24 Hours

Saturday morning alarm set for 5 AM I wish I could say it was done with a joyful heart, but I’d be lying.  It had been a long week; I was tired and grumpy.  Nothing seemed to be going as planned.  Expended energy seemed to be yielding little fruit. But we knew we had to go.  Motivated by the fear of regret, we went.

Three sisters, part of our family at The Well, had a family crisis.  And when one in our family has a family crisis, we go.  A child was in the hospital in critical condition, and we hadn’t seen two of the sisters in some time.  We wanted to give hugs, prayers and encouragement. To do so would require an eight hour bus ride upcountry followed by unknown local transport to their rural village.  A few hours into the trip, a phone call informed us that both sisters had been called away to work and wouldn’t be able to meet us after all, and the child in critical condition had been taken away by his dad to a different hospital.

My first reaction?  Resentment.  Not a glamorous missionary reaction, right?  5 AM wake-up followed by an 8-hour bus ride on a rare, open weekend and nobody would be there. Seriously?  Isn’t my time more important than a wild goose chase literally across the country?

Jub smiled at my clear disgruntledness and settled in to her bus seat to catch some sleep on the way. Her calm attitude convicted me.

Almost to our destination, we called the girls’ mom directly since she was likely the only one still home. She had gotten very sick and asked us to meet her at the hospital.  We met her at the local clinic where they had given her a shot of morphine and sent her on her way.  (Thai health care at its finest.)   We followed her home, sat with her, visited, and played with the sweet one-year-old that had spent his first six months of life at The Well before going back to live with his grandma.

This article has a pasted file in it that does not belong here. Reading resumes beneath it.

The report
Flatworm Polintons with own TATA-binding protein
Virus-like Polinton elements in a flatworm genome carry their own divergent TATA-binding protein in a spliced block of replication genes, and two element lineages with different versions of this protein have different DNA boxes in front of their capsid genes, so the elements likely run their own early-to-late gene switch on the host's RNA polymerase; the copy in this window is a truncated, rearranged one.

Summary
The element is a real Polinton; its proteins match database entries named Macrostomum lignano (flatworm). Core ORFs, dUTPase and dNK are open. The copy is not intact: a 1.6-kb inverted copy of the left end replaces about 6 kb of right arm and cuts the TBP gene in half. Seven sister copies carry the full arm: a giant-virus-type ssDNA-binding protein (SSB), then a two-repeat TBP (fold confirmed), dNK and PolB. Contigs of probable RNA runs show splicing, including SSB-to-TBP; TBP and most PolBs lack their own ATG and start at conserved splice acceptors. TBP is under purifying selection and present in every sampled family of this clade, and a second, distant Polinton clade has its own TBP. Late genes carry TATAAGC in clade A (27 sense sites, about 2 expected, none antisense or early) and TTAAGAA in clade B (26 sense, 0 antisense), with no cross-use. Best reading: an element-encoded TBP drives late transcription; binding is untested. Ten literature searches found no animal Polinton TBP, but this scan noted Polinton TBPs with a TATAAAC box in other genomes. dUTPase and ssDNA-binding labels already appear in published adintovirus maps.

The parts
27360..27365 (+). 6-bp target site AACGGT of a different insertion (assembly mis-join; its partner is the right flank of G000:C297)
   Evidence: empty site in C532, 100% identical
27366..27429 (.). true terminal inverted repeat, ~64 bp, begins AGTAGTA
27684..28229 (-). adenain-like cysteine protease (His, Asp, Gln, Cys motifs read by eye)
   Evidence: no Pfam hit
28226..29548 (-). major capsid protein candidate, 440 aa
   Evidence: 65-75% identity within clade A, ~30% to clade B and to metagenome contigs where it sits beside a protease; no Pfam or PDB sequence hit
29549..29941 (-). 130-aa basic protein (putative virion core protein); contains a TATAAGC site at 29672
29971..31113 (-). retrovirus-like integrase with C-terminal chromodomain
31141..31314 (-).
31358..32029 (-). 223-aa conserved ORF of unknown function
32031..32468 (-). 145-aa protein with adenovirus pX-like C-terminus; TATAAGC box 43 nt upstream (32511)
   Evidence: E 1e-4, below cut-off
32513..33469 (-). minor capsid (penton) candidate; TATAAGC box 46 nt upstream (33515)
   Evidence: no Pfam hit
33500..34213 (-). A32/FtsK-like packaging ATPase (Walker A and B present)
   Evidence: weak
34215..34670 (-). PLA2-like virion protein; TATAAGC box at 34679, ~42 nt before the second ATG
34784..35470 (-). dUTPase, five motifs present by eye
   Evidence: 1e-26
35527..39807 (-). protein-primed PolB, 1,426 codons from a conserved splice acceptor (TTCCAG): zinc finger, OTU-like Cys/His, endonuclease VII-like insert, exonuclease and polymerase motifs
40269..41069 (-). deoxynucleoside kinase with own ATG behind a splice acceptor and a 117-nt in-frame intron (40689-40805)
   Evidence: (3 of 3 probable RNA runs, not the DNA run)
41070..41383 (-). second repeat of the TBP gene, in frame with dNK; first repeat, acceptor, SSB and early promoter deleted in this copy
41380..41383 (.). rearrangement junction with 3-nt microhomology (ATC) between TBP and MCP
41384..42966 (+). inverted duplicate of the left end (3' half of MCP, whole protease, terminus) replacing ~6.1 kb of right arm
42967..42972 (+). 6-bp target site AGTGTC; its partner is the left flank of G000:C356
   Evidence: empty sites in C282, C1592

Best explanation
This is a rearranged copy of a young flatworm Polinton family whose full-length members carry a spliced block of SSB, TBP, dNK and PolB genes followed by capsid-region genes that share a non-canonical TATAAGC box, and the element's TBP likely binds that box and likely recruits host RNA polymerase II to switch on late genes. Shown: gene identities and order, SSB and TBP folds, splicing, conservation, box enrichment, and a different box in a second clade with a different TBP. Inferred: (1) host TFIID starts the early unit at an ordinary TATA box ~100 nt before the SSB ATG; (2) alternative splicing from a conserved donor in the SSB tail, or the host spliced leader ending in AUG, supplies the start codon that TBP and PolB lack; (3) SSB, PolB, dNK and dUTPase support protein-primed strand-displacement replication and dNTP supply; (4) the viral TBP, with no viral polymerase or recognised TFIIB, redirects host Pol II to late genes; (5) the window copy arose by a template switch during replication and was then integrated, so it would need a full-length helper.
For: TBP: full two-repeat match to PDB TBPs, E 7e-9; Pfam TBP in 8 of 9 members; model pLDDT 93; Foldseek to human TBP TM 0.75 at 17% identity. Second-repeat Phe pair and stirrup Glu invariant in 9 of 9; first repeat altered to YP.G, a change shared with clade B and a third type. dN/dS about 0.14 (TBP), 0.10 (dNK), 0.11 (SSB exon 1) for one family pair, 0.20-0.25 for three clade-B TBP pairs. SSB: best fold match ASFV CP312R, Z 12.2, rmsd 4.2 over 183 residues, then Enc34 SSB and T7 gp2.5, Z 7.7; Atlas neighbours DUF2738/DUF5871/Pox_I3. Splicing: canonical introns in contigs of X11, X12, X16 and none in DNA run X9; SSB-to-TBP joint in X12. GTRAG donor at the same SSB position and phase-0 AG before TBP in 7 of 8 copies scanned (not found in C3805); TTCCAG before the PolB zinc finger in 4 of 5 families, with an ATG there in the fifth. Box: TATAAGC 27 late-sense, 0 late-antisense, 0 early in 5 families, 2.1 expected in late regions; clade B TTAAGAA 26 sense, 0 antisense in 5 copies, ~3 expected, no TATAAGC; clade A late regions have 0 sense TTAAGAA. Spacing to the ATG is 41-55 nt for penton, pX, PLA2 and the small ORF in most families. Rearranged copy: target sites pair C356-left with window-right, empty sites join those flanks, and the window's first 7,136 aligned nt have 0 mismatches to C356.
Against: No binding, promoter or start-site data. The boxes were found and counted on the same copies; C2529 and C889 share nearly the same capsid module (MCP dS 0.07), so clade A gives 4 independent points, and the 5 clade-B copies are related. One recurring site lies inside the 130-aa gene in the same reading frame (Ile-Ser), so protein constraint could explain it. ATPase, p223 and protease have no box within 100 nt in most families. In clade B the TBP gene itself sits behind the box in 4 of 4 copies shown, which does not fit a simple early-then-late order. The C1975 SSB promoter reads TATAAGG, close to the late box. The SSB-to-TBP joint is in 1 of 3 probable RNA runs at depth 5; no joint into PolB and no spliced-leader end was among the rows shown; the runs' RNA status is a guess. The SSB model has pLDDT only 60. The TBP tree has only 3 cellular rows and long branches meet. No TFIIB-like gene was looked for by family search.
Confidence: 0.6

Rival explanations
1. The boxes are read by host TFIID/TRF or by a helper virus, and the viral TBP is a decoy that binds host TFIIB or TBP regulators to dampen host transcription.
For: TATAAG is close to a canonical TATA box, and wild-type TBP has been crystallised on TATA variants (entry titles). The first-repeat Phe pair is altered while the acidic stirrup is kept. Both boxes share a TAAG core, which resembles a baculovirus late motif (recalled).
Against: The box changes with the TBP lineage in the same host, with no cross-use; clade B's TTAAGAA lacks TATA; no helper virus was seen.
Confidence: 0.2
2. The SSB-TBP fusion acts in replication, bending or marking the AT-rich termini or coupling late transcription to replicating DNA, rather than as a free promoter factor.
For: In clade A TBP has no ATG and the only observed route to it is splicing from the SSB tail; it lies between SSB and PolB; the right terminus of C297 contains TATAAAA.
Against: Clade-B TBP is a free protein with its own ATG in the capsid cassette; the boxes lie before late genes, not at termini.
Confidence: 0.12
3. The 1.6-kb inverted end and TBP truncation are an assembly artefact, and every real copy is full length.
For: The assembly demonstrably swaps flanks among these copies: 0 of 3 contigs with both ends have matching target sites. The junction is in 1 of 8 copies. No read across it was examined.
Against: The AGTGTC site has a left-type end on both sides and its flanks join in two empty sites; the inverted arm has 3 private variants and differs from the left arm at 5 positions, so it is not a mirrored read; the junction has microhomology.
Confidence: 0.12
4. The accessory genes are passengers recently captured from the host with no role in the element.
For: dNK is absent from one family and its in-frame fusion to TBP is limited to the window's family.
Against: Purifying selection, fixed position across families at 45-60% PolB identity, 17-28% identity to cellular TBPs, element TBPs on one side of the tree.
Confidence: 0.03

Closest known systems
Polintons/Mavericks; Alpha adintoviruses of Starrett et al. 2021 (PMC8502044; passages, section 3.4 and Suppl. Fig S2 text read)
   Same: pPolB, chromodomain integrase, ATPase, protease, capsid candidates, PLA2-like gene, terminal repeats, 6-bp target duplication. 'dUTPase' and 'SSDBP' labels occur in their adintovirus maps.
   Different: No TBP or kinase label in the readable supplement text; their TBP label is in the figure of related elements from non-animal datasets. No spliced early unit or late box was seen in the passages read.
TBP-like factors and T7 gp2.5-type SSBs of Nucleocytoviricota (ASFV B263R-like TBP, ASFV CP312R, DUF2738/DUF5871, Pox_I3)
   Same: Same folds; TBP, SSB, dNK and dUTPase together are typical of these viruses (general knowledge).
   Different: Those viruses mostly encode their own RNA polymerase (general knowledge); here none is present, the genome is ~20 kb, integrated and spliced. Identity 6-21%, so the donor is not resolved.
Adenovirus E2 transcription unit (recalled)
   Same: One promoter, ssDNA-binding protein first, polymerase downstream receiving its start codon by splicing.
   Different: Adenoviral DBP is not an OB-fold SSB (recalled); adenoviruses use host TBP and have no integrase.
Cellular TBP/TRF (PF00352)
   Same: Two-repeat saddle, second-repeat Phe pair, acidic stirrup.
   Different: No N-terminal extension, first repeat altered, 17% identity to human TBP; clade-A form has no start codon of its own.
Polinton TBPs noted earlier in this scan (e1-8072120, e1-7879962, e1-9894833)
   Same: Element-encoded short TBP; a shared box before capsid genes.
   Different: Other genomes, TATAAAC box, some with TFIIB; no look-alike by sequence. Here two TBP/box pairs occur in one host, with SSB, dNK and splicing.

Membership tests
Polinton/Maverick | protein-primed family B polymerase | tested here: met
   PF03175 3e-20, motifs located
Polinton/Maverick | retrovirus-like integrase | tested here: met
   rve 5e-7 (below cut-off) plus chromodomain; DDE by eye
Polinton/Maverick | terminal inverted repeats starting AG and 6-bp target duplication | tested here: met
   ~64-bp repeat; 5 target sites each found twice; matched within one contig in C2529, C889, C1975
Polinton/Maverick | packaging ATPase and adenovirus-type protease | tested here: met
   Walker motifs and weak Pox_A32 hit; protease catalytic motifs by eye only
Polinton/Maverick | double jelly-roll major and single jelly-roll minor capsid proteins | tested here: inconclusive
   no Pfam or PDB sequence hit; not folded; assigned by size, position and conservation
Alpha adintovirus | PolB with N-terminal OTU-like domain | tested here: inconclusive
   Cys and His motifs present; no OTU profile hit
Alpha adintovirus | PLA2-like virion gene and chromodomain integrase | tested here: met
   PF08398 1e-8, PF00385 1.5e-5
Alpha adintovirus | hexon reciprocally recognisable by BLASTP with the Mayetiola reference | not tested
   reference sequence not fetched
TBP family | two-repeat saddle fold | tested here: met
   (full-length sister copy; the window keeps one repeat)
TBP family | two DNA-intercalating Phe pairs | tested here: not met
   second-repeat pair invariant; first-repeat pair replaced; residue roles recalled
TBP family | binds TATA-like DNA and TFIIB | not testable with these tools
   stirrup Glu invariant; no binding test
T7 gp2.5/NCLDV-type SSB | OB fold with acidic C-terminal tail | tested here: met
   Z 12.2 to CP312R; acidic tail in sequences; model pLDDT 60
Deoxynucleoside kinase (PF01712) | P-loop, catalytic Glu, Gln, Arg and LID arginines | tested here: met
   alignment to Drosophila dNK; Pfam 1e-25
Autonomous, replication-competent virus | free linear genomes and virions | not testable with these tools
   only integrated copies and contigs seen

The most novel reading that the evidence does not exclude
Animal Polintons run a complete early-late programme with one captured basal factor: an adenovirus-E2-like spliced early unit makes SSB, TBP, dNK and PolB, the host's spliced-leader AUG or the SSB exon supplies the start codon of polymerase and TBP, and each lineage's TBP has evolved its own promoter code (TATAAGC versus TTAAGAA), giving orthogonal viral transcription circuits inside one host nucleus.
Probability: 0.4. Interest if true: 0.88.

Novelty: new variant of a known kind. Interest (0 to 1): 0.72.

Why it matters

Mom’s signs of sickness worsened and we helped her get to a more legitimate hospital for better medical attention.  Off she went, and that was it.  Jub and I looked at each other, shrugged our shoulders and started looking for a creative transportation mode to start our trek back to Bangkok.

We walked in the door at home almost exactly 24 hours after we had left.  Over 20 hours in a moving vehicle of various shapes and sizes, less than 4 hours of visiting, and nowhere close to fulfilling our originally intended purpose.  And yet, it seemed God knew more than we did.

Mom got the hospital attention she needed. Sisters felt cared for.  Jub got some sleep on the bus.  And I got my weekly dose of humble pie-in-the-face.

Wild goose chase?  Perhaps.  A weird way to spend a weekend?  Yep.  Thankful that God takes extraordinary measures to remind me that He’s not only in charge, but actually knows what He’s doing?  Absolutely.

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  • Comments (3)
  1. Cori, it’s really comforting to know that God is forcing other product-minded people to “do nothing” and still be useful to him. Often hard to see the actual material fruit of what we’re doing, but it works into his plan, somehow! Careful with the flooding, and get yourself a nice wheelbarrow and a stick for local transportation. =)

  2. Cori, we cannot explain why these things happen. That’s kind of overstating the obvious, right? Right now, the important thing is that you continue to be faithful to the work God has given you. Your commitment to care for these people speaks volumes about God’s love.

    • andrea
    • October 18th, 2011

    Loved this post – I completely identified with your thoughts/emotions as I was reading…so excited about the work you’re doing and yours and Jub’s and Add’s faithfulness to it. Keep laboring…know that my heart aches, and I wish I could be there with you guys!

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